Curious About Boom Supersonic? Here Are Five Things to Know

Colorado-based company aims to get passengers in the sky by 2029.

What is Boom Supersonic?

Boom is a Denver-Colorado-based startup founded in 2014 that seeks to build what it calls the world’s fastest supersonic airliner as more companies seek to revive supersonic commercial flight nearly 20 years after the grounding of the Concorde, history’s only successful supersonic airliner.

What is Boom building?

Boom is currently developing its XB-1 supersonic demonstrator and Overture, a 65-88 passenger, Mach 1.7 supersonic airliner. (Concorde boasted a cruise speed above Mach 2.)

The XB-1 shares key technologies with Overture, such as advanced carbon fiber composites and a refined delta wing. Boom will use lessons learned from XB-1 flight testing to help optimize Overture and to prove that in-flight key technologies are safe for efficient travel at supersonic speeds.

The XB-1 was formally revealed to the public in October 2020.

Like the Overture, the XB-1 has advanced carbon fiber composites and a refined delta wing. Courtesy: Boom Supersonic

When will you be able to fly in the Overture?

Overture, with an estimated $200 million price tag (plus options and interior)—and a cruising altitude of 60,000 feet—is slated to roll out in 2025, fly in 2026, and carry passengers by 2029, according to Boom.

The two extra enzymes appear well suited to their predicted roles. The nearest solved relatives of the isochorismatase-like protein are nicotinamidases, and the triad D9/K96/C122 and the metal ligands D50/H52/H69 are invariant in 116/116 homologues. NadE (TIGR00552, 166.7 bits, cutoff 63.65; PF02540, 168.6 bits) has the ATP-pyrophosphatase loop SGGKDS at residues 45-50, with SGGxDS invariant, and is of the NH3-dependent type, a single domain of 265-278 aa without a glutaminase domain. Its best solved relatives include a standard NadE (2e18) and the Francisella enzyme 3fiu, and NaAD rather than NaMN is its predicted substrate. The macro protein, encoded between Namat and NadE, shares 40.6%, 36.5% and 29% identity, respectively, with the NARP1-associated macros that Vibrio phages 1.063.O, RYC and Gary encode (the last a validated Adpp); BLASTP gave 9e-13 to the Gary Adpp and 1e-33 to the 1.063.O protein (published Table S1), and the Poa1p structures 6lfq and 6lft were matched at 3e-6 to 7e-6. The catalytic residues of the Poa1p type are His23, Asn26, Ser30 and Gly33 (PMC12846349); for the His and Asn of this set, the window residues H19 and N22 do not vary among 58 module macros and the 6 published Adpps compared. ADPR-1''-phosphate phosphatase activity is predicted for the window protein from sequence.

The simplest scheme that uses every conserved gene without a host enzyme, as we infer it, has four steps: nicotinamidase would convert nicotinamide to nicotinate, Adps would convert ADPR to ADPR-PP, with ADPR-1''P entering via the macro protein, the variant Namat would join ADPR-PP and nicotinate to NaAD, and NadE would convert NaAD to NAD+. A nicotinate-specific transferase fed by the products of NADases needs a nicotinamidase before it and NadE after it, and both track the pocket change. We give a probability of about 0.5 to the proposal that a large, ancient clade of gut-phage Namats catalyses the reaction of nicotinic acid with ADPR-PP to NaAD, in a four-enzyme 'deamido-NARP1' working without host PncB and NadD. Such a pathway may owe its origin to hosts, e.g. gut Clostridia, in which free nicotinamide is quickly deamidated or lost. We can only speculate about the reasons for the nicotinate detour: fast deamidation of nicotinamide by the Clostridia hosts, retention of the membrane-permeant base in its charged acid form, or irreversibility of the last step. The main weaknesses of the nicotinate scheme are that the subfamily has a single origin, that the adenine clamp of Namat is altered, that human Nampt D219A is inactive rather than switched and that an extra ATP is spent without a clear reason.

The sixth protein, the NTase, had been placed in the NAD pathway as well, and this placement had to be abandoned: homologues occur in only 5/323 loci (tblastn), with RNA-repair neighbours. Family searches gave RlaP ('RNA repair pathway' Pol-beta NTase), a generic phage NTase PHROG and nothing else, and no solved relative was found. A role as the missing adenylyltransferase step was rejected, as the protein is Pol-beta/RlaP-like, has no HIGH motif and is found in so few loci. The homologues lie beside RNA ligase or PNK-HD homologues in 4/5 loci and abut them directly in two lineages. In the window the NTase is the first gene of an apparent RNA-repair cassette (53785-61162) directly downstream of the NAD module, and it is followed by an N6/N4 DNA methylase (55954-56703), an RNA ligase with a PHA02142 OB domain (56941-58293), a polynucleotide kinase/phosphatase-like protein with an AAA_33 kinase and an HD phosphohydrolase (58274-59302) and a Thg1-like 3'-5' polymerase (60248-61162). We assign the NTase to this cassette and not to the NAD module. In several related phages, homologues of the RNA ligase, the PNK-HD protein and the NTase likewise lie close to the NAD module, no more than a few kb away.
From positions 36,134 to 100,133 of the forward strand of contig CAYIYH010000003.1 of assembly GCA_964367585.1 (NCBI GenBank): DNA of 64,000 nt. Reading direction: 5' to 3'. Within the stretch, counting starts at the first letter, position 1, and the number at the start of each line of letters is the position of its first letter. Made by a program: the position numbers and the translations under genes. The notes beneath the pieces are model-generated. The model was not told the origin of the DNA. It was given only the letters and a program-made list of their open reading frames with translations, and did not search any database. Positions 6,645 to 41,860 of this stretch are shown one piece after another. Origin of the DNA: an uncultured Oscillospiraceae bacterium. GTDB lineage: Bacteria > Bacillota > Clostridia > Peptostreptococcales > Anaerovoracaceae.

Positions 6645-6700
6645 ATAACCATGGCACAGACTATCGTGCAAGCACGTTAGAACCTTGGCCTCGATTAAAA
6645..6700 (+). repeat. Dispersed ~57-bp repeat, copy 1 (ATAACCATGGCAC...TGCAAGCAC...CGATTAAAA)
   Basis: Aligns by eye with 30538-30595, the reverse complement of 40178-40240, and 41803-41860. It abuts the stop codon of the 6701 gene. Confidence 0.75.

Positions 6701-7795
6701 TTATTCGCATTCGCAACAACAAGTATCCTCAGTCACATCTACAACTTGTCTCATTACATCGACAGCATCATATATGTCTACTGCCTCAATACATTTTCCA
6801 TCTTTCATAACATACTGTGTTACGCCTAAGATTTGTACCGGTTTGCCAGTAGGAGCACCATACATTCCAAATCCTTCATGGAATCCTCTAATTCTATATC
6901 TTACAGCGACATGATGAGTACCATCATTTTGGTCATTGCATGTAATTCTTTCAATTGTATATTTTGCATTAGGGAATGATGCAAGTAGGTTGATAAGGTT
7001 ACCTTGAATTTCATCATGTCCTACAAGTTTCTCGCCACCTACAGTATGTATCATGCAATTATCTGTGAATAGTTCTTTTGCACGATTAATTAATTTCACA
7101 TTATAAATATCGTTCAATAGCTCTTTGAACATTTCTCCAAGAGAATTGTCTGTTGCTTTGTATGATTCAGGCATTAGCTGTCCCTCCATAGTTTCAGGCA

While the company says final ticket prices will be set by airlines, Overture is being designed “to allow airlines to offer fares comparable to today’s business class. Our long-term vision is that the fastest flight is also the most affordable,” according to its website. 

Boom’s founder, Blake Scholl, told The New York Times that the goal is to deliver passengers anywhere in the world within four hours for $100. In comparison, tickets from New York to London aboard Concorde cost thousands of dollars.

The Overture has a cruising altitude of 60,000 feet. Courtesy: Boom Supersonic

Can Boom fly supersonic in the U.S.?

Like the iconic Concorde, the supersonic Overture will only exceed the speed of sound during overwater routes such as New York to London and San Francisco to Tokyo. Decades ago, the FAA banned supersonic flight over the continental U.S. because of the effects that sonic booms can generate.

In January, the FAA announced final rules for supersonic test flights in the U.S. meant to streamline the approval process, which is a key step in ultimately getting a product to market. 

While the FAA still prohibits unlimited supersonic flight over U.S. soil, it does provide exemptions for testing, which is good news for Boom. 

Who are Boom’s supporters?

In June, United Airlines became the first U.S. airline to sign a commercial agreement with Boom, announcing it plans to buy 15 of the supersonic airliners, contingent on Boom hitting certain milestones. 

Japan Airlines has also pitched in $10 million for the development of the airliner and with an option to purchase 20.

Boom is also working with the United States Air Force for government applications of Overture. 

Its partners include Collins Aerospace, which is collaborating on the nacelle technology development; Rolls-Royce, which is developing a custom propulsion system; and Amazon Web Services for high-powered computer cloud storage and security.

So far, the company has raised $270 million as of May; its investors include American Express, Bessemer Ventures, Prime Movers Lab, Emerson Collective, and Celesta Capital.


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